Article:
The Court’s Decision

The Court first determined that A/R established its prima facie entitlement to judgment of matter of law because it was “undisputed” that Hugo Boss failed to pay rent and other charges due under the Lease.  The Court then concluded that Hugo Boss failed to raise triable issues of fact sufficient to warrant rescinding or reforming the Lease based on the doctrines of frustration of purpose or impossibility of performance.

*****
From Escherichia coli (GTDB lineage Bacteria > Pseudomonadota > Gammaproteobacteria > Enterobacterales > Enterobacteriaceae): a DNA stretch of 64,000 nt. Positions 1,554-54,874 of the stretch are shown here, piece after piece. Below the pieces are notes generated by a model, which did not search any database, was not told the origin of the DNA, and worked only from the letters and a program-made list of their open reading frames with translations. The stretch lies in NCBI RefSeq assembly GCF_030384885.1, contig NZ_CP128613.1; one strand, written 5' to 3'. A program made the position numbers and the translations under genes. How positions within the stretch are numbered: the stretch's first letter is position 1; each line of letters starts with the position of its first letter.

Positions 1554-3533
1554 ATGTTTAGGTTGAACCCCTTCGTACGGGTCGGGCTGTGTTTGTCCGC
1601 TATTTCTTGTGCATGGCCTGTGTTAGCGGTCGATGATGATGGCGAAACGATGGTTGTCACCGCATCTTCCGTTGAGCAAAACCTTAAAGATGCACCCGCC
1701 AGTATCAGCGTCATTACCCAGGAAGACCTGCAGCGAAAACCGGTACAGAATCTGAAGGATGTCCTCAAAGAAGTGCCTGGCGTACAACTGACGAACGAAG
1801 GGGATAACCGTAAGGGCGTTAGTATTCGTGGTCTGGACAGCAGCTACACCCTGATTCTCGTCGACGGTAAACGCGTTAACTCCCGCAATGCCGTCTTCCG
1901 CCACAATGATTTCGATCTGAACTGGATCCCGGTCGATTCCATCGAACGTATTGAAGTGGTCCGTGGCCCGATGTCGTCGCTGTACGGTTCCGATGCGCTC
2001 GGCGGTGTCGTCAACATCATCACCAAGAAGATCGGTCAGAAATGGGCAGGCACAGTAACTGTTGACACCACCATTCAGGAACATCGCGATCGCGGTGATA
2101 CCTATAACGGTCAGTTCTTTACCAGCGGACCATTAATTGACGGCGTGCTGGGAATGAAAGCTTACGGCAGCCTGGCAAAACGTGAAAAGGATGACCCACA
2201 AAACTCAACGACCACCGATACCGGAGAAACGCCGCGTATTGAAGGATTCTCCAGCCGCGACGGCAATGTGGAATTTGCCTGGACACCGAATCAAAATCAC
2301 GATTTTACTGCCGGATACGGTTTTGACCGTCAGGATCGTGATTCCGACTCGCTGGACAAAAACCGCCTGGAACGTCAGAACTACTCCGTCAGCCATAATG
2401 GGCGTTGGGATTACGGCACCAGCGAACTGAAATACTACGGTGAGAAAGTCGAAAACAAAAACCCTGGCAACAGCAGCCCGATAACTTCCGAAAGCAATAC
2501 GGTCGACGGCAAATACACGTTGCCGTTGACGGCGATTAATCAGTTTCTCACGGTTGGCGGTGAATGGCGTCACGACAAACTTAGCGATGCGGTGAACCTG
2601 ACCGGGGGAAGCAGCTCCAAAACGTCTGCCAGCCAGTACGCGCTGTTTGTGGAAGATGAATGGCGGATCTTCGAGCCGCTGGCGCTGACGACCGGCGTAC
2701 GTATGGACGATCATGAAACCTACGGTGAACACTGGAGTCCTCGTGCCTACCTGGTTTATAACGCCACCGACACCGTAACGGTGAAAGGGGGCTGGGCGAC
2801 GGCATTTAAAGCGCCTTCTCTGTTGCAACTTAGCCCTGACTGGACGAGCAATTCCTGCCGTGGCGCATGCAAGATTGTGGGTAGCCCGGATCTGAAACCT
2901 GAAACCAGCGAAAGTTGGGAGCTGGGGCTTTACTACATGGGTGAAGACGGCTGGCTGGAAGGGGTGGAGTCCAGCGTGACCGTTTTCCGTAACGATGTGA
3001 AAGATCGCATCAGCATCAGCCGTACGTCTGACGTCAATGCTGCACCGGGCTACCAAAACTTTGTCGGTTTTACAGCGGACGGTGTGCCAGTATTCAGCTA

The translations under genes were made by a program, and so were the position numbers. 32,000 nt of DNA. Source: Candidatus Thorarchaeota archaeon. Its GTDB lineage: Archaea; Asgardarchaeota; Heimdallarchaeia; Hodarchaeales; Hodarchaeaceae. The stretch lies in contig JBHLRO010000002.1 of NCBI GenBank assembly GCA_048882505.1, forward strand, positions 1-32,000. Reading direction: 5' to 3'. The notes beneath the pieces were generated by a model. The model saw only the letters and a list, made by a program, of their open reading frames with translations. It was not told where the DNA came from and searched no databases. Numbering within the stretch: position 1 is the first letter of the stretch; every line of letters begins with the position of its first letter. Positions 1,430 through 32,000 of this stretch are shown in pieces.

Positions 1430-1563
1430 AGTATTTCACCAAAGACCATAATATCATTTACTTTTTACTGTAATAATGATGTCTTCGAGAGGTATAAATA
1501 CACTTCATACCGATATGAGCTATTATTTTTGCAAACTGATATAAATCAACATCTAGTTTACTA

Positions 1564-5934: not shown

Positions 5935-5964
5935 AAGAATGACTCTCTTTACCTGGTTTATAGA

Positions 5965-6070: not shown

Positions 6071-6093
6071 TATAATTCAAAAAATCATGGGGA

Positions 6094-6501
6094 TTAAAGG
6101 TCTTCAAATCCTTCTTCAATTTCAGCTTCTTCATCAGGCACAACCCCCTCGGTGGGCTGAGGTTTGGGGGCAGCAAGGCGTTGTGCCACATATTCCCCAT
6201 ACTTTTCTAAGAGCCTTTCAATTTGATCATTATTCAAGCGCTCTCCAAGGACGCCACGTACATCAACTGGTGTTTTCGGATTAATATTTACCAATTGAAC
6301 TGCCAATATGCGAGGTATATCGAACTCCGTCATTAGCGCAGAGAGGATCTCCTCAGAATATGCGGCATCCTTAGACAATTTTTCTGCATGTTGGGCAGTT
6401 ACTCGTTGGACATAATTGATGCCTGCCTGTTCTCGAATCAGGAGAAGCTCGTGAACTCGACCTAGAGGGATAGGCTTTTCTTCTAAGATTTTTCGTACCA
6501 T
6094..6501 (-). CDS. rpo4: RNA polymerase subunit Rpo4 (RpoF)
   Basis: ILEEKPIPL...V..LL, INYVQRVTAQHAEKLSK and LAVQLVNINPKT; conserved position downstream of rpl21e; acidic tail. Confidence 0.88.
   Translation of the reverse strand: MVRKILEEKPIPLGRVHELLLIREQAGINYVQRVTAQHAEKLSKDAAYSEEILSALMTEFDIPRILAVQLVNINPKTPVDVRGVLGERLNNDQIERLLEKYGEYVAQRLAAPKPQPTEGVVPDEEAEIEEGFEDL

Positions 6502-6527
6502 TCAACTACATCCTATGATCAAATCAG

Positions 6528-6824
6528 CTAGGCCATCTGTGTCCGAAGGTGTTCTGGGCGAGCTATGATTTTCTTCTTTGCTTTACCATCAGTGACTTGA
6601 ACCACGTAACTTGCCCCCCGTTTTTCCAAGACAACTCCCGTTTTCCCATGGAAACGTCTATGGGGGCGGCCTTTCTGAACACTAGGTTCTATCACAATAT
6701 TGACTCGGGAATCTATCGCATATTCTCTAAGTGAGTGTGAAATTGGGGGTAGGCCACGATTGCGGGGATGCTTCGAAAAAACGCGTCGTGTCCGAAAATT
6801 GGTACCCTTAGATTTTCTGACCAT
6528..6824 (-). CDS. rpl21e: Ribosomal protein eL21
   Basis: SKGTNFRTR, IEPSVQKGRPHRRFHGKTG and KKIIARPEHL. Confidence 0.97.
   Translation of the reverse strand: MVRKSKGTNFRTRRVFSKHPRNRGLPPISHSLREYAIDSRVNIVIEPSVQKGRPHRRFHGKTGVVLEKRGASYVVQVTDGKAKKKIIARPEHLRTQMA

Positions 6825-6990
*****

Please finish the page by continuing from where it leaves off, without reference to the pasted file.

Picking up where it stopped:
The Court began its analysis with a brief discussion of the “Coronation Cases” and the legal principles underlying the doctrine of frustration of purpose.  Describing the doctrine “as a narrow one,” the Court explained the doctrine is only applicable where the basis of the underlying contract has been completely destroyed.  Partial frustration – such as a diminution in business, where a tenant could continue to use the premises for an intended purpose – is not enough.  In addition, the doctrine is not available “where the event which prevented performance was foreseeable and provision could have been made for its occurrence,” or where the contract actually addresses the particular calamity that eventually befell the parties.